Empire Theater (South 6th Street)

Constructed as the Bedford Avenue Theater in 1891, renamed Empire Theater in 1893. Circus promoter William Washington Cole was listed as the owner on the Buildings Department filings1, but most newspaper accounts describe Albert E. Richards as the proprietor of the theater and Laurent Howard as the manager2 Richards had worked for Cole for 15 years3, so it seems likely that the two continued their association through the construction of the Bedford Avenue Theater. (Richards had also been proprietor or manager the Novelty Theater on Driggs.)

The cornerstone for the building was laid on 20 June 1891, in a ceremony overseen by the Brooklyn Protective Order of Elks (of which Richards and Howard were members). William Gaylor, the architect of the theater participated in the ceremony as well.4 The theater seated 1,778 patrons on three levels and opened on 5 October 1891 with a performance of “A Jolly Surprise”, starring Fanny Rice.5

Following Richards’ death in 1892, the Bedford Avenue Theater continued to produce theatrical plays. By the summer of 1893, it had been renamed as the Empire Theater and under the direction of Johnson and Washburne, was producing work “of a more melodramatic order”.6. In its first years as the Empire it was accused of flouting of laws prohibiting theater performances on Sundays with performances aimed at German audiences.7 In 1896, the theater was renovated and reopened as a vaudeville and variety venue ("with the occasional burlesque") under the management of Hyde and Behman.8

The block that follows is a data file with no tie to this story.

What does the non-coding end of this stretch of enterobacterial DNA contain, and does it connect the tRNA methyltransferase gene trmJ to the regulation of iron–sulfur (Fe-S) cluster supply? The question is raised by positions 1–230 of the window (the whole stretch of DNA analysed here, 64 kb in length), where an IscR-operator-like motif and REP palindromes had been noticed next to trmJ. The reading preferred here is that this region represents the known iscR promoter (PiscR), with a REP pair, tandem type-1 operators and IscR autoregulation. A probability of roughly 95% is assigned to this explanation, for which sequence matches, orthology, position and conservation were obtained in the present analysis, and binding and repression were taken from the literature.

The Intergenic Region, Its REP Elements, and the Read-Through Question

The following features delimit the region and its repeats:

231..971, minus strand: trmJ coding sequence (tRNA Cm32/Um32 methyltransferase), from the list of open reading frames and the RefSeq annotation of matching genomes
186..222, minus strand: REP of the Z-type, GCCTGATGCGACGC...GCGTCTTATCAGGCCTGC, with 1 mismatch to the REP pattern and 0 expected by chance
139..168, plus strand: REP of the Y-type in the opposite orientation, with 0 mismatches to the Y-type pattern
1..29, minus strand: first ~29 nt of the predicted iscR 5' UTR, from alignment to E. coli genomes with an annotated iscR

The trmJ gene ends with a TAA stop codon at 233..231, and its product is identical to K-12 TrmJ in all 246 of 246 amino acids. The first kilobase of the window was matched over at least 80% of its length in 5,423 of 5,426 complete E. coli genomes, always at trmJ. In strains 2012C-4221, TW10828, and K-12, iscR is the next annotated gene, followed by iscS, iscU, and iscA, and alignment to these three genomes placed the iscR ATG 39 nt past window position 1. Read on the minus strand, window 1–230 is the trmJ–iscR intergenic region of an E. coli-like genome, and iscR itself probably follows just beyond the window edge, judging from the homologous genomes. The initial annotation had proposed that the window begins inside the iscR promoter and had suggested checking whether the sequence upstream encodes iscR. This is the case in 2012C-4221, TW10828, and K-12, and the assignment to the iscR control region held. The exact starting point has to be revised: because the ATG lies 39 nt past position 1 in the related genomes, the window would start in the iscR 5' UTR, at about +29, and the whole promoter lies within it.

The rear of the theater was removed ca. 1901 for the construction of the Williamsburg Bridge. Following the removal of the rear part of the theater (including its stage), the building was slated to be converted to a knitting factory by Messrs. Plate and Clark.9 Apparently this conversion did not happen, as in 1906 the Ford Motor Company leased the building from the Hyde and Behman Amusement Company for use as an automobile garage.10

  • 1. “Buildings Projected,” Real Estate Record & Builders’ Guide 47, no. 1208 (May 9, 1891): 766.
  • 2. “The New Eastern District Theater,” Brooklyn Daily Eagle, April 4, 1891: 1; and “Manager Richard’s New Theater,” Brooklyn Daily Eagle, June 22, 1891:1.
  • 3. “An Old Circus Man Dead,” Brooklyn Daily Eagle, February 3, 1892:4.
  • 4. “Manager Richard’s New Theater,” Brooklyn Daily Eagle, June 22, 1891:1.
  • 5. “Theaters and Music: The Bedford Theater,” Brooklyn Daily Eagle, September 20, 1891: 19.
  • 6. “Empire Theater Will Be Turned into a Factory,” Brooklyn Daily Eagle, February 15, 1903: 45.
  • 7. "A Parody on Parkhurst: Presented to a German Audience in the Eastern District", Brooklyn Daily Eagle, 7 May 1894, 12.
  • 8. "Empire Theater", Brooklyn Daily Eagle, 6 September 1896, 4; "Empire Theater Will Be Turned into a Factory", Brooklyn Daily Eagle, 15 February 1903, 45.
  • 9. "Empire Theater Will Be Turned into a Factory", Brooklyn Daily Eagle, 15 February 1903, 45.
  • 10. Brooklyn Daily Eagle, 24 November 1906, 40.
Year
1891
NB#
857
Building type
Block
2456
Lot
34
Street
South 6th Street
Location
ns, 100 w Bedford
Address

101 South 6th Street
11249 NY
United States

Owner name
W.W. Cole
Owner address
197 South 9th Street
Architect
Builder
William J. Moran
stories
3
Material
Dimensions
74 and 84x100
cost
65,000
Status
Extant
Building Images

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